Atonement: Stories about Confession, Redemption, & Making AmendsShare +
DCJCCDoors 7:00 / Show 7:30 Add to Calendar
SpeakeasyDC and the DCJCC present the 2nd edition of this humorous and heartfelt look at the Day of Atonement with stories about confessions, redemption, and making amends on September 15, 2014 at the DCJCC located at 1529 16th St, NW. With the High Holy Days upon us, eight “morally challenged” individuals tell true stories about holding themselves accountable for their mistakes and wrong-doings.
John Kevin Boggs
Named the “gold standard” in storytelling by The Washington Post and nominated for the 2012 DC Mayor's Arts Awards for Innovation in the Arts, SpeakeasyDC has been presenting and teaching the art of storytelling since 1997. SpeakeasyDC now produces about 30 live shows a year, and offers ongoing classes for adults and consulting services for organizations, businesses, and professionals.
Barney Shapiro is a second generation Washingtonian who has worked for the City Council, built houses, been a landlord, and currently owns and runs the largest waste and recycling company within the District of Columbia.
Harold Sharlin is a born again Jew. He lays tefillin every morning. He is a former university professor.
Rabbi Hannah Goldstein has been the Assistant Rabbi at Temple SInai since 2013. She received her rabbinic ordination at Hebrew Union College - Jewish Institute of Religion (HUC-JIR) in New York in 2013. She completed a Masters in Religious Education at HUC-JIR in the spring of 2011. Hannah grew up in Andover, Massachusetts and studied English and Politics as an undergraduate at Brandeis University. She was Co-President of the HUC-JIR Rabbinical School student body and has been engaged in social justice work through her engagement with HUC's soup kitchen, the American Jewish World Service and the Religious Action Center.
Joseph Price is a storyteller, playwright, and producer. His SpeakeasyDC credits include The Sin Show, Sucker for Love, and more than a dozen appearances on the 2nd Tuesday stage. He specializes in story structure and mixed media and many of his personal works focus on integrating performance and technology. His one-man show, Operating System, blended first-person storytelling with raw data and e-Geaux (beta) , incorporated live audience Facebook profiles into "social media improv" that was featured on NPR's All Things Considered.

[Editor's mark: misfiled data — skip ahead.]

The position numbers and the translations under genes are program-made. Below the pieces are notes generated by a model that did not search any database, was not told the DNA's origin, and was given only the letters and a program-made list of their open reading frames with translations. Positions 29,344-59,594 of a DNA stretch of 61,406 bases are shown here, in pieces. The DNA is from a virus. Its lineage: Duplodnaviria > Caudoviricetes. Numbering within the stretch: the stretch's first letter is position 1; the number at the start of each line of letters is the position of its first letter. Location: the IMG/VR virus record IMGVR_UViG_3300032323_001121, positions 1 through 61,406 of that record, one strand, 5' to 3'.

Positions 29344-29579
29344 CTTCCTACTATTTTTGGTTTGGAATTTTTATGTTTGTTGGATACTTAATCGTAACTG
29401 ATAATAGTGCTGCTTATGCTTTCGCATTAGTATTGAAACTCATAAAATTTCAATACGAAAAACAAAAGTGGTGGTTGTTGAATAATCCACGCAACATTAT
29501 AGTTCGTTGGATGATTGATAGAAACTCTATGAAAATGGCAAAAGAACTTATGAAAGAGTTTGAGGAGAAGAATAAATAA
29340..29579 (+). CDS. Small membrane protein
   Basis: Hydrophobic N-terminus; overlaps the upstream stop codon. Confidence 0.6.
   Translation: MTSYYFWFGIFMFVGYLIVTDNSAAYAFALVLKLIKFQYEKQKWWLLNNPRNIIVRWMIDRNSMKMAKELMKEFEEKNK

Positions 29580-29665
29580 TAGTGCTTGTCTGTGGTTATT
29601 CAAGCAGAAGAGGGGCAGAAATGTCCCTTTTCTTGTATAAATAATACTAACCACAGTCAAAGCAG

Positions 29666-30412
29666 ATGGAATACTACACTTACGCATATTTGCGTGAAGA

Katy Barrett discovered Speakeasy DC two years ago at My So Called Jewish Life, and has been hooked ever since. She has performed several times, and loves being a part of this amazing community.
Storyteller and actor, Kevin Boggs has coached hundreds of individuals since becoming part of the SpeakeasyDC faculty in 2008. He "comes by storytelling naturally" since he grew up in Jonesborough, TN, the home of the National Storytelling Festival. His solo show -- & Afterwards -- was a popular and critical success at the 2013 Capital Fringe Festival and he brings a sensibility to his teaching that helps each person tap into what will resonate most deeply with their audience.
L.Y. Marlow is an award-winning author and empowerment advocate whose life journey took her from a legacy of domestic violence to the opulence of corporate America; and now to a life devoted to Saving Promise--a national domestic violence prevention organization that's inspired by her family's story, and a little girl named Promise.
Ober slings stories for a living as a public radio producer in the District. But generally those stories are about other people's exploits, not hers.
Suzette Tanen originally hails from Toronto Canada. In addition to being a wife and mom, she is a retired English teacher, so telling stories to a semi-interested audience is not new to her.
Amy Saidman, Artistic Executive Director of SpeakeasyDC, has been the driving force behind the growth of storytelling as a performance genre in Washington, DC and regionally. Called DC's "matriarch of storytelling", she's been running SpeakeasyDC's programs, telling stories, hosting, inventing new ways to present storytelling, building relationships with other local arts and culture groups, and spreading the gospel since 2001. She began coaching and teaching storytelling in 2006 and, along with the SEDC teaching staff, has developed a curriculum and pedagogy for teaching the art of storytelling that includes more than five different classes at different levels and customized trainings for corporate, government, and nonprofit clients.